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Anna Karenina
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Anna Karenina
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  • When the prince and the princess had gone, Levin went up to his betrothed and took her hand.
  • Levin spent that evening with his betrothed at Dolly’s, and was in very high spirits.
  • He made the offer, and concentrated on his betrothed and his wife all the feeling of which he was capable.
  • Chapter 2 On the day of the wedding, according to the Russian custom (the princess and Darya Alexandrovna insisted on strictly keeping all the customs), Levin did not see his betrothed, and dined at his hotel with three bachelor friends, casually brought together at his rooms.
  • Levin saw proofs of this in his dress, in the old-fashioned threadbare coat, obviously not his everyday attire, in his shrewd, deep-set eyes, in his idiomatic, fluent Russian, in the imperious tone that had become habitual from long use, and in the resolute gestures of his large, red, sunburnt hands, with an old betrothal ring on the little finger.
  • What was extraordinary was that everyone not only liked him, but even people previously unsympathetic, cold, and callous, were enthusiastic over him, gave way to him in everything, treated his feeling with tenderness and delicacy, and shared his conviction that he was the happiest man in the world because his betrothed was beyond perfection.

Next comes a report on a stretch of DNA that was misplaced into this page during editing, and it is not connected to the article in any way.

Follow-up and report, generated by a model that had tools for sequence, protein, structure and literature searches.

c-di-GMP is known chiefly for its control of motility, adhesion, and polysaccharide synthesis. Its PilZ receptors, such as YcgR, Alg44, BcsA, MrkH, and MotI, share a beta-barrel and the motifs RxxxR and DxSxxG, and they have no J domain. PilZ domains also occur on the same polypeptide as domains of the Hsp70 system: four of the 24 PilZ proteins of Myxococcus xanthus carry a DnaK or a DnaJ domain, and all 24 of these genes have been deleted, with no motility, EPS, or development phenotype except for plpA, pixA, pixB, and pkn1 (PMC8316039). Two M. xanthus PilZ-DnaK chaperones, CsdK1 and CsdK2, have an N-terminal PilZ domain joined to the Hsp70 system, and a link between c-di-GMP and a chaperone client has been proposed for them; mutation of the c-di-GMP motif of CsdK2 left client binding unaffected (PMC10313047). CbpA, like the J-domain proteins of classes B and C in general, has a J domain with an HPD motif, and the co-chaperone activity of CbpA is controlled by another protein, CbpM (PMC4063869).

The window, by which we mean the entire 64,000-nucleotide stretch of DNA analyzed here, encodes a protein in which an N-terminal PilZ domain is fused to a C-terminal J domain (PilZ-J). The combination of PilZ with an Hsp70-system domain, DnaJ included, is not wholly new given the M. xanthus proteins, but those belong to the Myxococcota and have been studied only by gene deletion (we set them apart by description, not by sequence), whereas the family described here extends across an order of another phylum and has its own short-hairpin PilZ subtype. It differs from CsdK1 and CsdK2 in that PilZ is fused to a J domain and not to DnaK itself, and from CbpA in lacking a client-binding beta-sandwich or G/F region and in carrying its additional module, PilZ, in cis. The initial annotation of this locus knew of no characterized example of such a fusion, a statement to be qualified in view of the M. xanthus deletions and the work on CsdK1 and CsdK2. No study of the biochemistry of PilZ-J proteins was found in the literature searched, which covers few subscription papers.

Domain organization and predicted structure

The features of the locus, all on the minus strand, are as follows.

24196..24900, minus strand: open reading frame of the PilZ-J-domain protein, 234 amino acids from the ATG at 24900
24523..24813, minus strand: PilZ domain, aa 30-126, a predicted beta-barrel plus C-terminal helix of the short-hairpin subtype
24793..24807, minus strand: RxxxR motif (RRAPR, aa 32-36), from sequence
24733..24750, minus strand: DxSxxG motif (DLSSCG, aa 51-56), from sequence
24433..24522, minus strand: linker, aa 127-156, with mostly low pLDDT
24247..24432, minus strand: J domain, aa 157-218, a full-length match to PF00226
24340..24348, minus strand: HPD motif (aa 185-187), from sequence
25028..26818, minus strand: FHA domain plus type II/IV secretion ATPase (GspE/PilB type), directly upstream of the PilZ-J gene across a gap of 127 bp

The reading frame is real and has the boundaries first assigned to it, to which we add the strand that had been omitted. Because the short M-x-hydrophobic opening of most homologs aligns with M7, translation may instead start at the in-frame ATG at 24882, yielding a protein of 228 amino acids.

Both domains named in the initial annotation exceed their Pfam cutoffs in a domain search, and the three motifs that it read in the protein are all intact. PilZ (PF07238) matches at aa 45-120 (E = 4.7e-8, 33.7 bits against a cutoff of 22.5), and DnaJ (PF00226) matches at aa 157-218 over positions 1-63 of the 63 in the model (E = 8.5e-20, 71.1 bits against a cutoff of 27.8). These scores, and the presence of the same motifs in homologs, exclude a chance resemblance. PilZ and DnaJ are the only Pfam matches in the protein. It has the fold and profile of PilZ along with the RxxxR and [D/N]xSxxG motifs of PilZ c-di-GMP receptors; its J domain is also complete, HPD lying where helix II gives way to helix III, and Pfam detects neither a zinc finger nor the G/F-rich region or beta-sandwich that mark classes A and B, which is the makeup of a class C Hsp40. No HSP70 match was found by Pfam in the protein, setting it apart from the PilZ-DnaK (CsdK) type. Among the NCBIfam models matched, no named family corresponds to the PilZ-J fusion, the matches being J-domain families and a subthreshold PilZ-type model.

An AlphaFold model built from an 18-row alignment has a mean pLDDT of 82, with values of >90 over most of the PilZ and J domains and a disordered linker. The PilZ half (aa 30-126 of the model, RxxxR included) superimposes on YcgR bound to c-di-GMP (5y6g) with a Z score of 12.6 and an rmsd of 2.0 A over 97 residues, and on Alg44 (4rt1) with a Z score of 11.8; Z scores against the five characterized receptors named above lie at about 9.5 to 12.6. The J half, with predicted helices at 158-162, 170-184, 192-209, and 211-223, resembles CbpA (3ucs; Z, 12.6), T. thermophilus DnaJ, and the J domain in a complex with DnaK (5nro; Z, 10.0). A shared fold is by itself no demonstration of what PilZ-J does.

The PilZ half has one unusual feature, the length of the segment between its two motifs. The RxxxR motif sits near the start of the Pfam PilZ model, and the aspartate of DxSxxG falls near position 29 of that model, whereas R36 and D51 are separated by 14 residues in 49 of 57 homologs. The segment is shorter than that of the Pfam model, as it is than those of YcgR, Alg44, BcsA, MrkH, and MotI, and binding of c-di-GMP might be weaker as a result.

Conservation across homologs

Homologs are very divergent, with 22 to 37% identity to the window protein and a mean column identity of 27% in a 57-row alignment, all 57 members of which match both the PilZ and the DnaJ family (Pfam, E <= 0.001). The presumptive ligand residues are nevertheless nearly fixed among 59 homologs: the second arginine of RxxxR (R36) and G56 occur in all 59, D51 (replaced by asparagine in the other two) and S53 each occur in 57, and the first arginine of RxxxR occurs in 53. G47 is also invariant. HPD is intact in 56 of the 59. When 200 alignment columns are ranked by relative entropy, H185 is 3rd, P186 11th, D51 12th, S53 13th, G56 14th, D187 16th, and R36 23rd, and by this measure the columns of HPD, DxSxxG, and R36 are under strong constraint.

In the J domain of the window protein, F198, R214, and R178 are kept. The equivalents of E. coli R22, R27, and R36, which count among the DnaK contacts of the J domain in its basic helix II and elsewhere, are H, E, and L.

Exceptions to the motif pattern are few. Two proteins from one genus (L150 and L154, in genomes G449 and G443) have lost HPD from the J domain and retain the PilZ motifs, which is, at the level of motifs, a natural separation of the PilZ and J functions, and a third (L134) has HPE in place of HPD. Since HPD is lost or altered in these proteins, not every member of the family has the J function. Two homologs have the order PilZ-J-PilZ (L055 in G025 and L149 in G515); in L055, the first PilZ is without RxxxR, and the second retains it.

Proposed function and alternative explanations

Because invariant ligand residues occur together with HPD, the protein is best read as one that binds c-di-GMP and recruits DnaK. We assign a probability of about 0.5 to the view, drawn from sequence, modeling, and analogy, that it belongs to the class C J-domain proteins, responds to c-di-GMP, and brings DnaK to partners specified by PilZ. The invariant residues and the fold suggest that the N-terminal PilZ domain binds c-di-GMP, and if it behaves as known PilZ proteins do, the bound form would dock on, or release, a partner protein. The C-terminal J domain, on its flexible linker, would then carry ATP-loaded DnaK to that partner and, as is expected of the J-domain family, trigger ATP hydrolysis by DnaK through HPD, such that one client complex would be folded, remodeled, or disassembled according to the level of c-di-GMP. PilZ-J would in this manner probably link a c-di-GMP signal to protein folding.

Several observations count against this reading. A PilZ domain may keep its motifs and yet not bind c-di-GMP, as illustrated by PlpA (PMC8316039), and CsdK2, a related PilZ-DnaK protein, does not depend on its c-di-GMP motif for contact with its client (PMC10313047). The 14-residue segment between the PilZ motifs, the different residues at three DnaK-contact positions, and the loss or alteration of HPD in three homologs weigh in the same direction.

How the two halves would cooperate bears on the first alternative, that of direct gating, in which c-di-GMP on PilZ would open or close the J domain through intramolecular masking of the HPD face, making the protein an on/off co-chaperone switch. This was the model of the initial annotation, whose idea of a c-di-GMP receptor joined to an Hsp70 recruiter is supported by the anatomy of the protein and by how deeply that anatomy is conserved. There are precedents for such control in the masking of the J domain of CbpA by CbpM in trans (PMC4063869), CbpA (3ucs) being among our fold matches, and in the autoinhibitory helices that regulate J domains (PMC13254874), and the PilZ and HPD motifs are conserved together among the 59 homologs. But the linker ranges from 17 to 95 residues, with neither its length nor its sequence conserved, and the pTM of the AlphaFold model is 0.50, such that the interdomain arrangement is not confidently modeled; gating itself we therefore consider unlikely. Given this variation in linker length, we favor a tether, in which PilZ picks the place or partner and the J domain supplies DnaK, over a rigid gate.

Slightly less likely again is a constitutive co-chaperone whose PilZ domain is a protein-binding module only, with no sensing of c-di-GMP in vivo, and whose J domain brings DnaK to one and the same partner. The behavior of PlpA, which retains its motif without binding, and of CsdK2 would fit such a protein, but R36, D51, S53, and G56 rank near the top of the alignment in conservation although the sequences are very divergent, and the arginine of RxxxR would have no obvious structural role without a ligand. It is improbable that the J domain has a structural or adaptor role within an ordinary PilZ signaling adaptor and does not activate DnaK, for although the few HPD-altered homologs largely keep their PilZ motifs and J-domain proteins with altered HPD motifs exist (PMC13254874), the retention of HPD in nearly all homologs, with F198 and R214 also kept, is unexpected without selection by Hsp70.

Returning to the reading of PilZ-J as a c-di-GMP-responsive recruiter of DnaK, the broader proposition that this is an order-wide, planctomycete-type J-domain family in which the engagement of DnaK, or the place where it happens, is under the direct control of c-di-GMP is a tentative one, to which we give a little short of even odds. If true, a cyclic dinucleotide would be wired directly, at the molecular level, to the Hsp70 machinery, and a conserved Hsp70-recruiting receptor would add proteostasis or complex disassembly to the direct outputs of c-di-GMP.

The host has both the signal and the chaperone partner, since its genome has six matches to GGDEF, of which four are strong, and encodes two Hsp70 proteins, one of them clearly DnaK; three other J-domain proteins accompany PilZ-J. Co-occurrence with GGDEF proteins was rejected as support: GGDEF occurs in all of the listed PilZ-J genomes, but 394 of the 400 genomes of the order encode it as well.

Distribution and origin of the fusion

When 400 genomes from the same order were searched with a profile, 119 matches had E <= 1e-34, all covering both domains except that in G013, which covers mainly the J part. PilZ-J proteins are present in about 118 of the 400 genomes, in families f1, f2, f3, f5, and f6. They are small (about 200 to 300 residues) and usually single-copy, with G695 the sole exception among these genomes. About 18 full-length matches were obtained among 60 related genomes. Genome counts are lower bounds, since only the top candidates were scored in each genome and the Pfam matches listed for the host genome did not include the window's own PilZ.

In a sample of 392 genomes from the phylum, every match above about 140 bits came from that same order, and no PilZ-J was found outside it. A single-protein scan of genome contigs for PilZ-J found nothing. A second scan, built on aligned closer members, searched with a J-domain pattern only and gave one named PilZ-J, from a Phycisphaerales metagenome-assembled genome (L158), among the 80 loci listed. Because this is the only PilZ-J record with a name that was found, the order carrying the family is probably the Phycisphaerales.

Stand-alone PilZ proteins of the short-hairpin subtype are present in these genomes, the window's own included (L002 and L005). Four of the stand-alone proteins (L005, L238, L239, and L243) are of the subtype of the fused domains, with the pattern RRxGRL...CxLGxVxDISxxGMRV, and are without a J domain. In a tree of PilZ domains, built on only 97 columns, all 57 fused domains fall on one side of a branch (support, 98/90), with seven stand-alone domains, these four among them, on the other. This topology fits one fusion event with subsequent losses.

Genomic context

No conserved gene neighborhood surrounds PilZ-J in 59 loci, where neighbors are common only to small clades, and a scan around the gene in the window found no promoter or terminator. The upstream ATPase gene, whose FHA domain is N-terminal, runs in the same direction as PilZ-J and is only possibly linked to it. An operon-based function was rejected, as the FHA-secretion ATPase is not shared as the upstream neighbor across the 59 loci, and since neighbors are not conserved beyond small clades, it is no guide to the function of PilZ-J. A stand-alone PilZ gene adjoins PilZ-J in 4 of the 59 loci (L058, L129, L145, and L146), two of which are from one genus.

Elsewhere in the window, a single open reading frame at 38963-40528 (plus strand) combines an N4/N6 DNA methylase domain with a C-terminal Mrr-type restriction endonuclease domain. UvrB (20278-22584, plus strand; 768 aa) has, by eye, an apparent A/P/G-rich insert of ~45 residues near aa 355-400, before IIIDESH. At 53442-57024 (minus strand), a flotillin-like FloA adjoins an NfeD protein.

• There was an interval of hesitation, whispering, and smiles; but the expression of solemn emotion on the faces of the betrothed pair did not change: on the contrary, in their perplexity over their hands they looked more grave and deeply moved than before, and the smile with which Stepan Arkadyevitch whispered to them that now they would each put on their own ring died away on his lips.

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  • She was betrothed on the day of her birth.
  • Last of all came a little hump-backed, wizened old man in whom she recognized with a shudder the new Grand Vizier and her own betrothed husband, Ahoshta Tarkaan himself.
    C.S. Lewis  --  The Horse and His Boy

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